- May 2023
Dean Vaughn has apparently renamed the method of loci as a commodity to be able to market a method for memorizing the multiplication tables.
- Mar 2023
Michel Thomas method also includes: - atomic pieces built up as building blocks into larger pieces - lots of encouragement to prevent the feeling of failure
Downsides: - there is no failure mode which can nudge people into a false sense of performance when using their language with actual native speakers
This reviewer indicates that there is some base level of directed mnemonic work going on, but the repetition level isn't such that long term retention (at least in the space repetition sort of way) is a specific goal. We'll need to look into this piece more closely to firm this up, however.
This video indicates that small mnemonic hooks are inserted for some words in the Michel Thomas method. This was not immediately apparent or seen in the 1997 BBC documentary about his method and wasn't immediately apparent in Harold Goodman's discussion.
Is it apparent in Goodman's session with his nephews? Was it part of Thomas' method originally or was it added later? Is it truly necessary or does it work without it as in the SSiW method which doesn't use it.
- Jun 2022
Maxine Greene for example, begins by writing that “We are convinced that the movement towards educational technology is irreversible and that our obligation as educators is to learn how to deal with it,” but then she turns that resignation into resistance by adding, “how, if you like, to live with it as fully conscious human beings working to enable other human beings to become conscious, to become responsible, to learn.”
If it's true that the movement toward technology is inevitable, how might we deal with it?
Compare this with the solution(s) that nomadic hunter-gatherers had to face when changing from a lifestyle built on movement to one of settling down to a life of agriculture. Instead of attaching their knowledge and memories to their landscape as before, they built structures (like Stonehenge) to form these functions.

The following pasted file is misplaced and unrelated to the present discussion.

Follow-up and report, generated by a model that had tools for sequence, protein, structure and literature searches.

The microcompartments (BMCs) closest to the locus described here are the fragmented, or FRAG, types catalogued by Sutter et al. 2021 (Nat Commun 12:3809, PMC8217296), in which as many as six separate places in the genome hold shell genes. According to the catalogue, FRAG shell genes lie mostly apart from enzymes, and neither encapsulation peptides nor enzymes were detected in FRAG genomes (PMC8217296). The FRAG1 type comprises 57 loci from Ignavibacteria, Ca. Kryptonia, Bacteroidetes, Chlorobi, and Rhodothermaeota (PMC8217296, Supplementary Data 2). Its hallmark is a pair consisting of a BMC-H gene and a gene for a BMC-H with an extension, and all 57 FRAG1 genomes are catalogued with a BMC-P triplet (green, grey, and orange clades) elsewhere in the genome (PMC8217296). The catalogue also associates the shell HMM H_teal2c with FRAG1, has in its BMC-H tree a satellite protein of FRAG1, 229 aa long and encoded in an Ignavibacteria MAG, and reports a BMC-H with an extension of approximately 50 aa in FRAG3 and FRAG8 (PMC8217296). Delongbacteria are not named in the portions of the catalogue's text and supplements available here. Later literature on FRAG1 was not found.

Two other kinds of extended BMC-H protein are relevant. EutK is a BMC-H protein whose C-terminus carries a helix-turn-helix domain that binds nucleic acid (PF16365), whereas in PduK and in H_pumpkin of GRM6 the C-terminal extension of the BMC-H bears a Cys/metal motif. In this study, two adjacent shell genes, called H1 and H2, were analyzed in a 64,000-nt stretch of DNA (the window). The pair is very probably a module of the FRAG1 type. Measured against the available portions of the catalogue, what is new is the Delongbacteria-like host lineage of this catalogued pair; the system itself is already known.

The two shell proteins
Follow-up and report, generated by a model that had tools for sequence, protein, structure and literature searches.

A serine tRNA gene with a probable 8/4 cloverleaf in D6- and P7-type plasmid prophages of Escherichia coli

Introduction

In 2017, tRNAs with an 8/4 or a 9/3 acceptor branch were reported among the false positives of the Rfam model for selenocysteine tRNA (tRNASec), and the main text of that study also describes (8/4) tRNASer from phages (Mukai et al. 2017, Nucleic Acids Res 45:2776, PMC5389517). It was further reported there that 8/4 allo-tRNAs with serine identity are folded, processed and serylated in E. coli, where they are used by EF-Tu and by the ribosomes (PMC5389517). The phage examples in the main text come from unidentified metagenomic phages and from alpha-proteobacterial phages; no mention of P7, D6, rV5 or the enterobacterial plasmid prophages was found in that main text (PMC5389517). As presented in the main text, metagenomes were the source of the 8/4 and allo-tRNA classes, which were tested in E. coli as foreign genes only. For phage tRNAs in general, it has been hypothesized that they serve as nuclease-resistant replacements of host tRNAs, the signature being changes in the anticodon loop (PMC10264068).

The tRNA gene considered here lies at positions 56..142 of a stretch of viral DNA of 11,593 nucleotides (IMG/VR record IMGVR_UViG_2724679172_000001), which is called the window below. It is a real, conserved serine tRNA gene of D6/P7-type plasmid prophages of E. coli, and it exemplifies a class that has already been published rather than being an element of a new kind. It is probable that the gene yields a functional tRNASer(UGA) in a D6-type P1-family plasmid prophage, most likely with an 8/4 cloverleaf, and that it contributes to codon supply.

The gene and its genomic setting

Part of moving forward may involve moving back historically to better understand these ideas and methods and regaining them so that we might then reattach them to a digital substrate. How can we leverage the modalities of the digital for art, song, dance, music, and even the voice into digital spaces (if we must?). All digital or only digital certainly isn't the encompassing answer, but if we're going to do it, why not leverage the ability to do this?
As an example, Hypothes.is allows for annotating text to insert photos, emoji, audio (for music and voice), and even video. Videos might include dance and movement related cues that students might recreate physically. These could all be parts of creating digital songlines through digital spaces that students can more easily retrace to store their learnings for easier recall and to build upon in the future.
Groups in arts education rail against the loss of music, dance, and art in schools and indicate that it's important to a balanced education.
Why has no one embedded these learning tools, for yes they can be just that, into other spaces within classrooms? Indigenous educators over the millennia have done just this in passing on their societal and cultural knowledge. Why have we lost these teaching methods? Why don't we reintroduce them? How can classrooms and the tools within them become mnemonic media to assist both teachers and learners?
Perhaps we need to bring back examples of how to do these things at the higher levels? I've seen excercises in my daughter's grade school classrooms that bring art and manipulatives into the classroom as a base level, but are they being done specifically for these mnemonic reasons?
Michael Nielsen and Andy Matuschak have been working at creating a mnemonic medium for areas like quantum mechanics relying in part on spaced repetition. Why don't they go further and add in dance, movement, art, and music to aid in the process. This can be particularly useful for creating better neurodiverse outcomes as well. Education should be more multi-modal, more oral, and cease it's unending reliance on only literacy as it's sole tool.
How and where can we create a set of example exercises at various grade levels (similar to rites of knowledge initiation in Indigenous cultures, for lack of specific Western language) that embed all of these methods
Link to: - Ideas in The Extended Brain about movement, space, etc. - Nielsen/Matuschak mnemonic media work
- Michael Nielsen
- modality shifts
- indigenous knowledge
- method of loci
- mnemonic media
- arts in education
- educational substrates
- Andy Matuschak
- Indigenous pedagogy
One of my frustrations with the “science of learning” is that to design experiments which have reasonable limits on the variables and can be quantitatively measured results in scenarios that seem divorced from the actual experience of learning.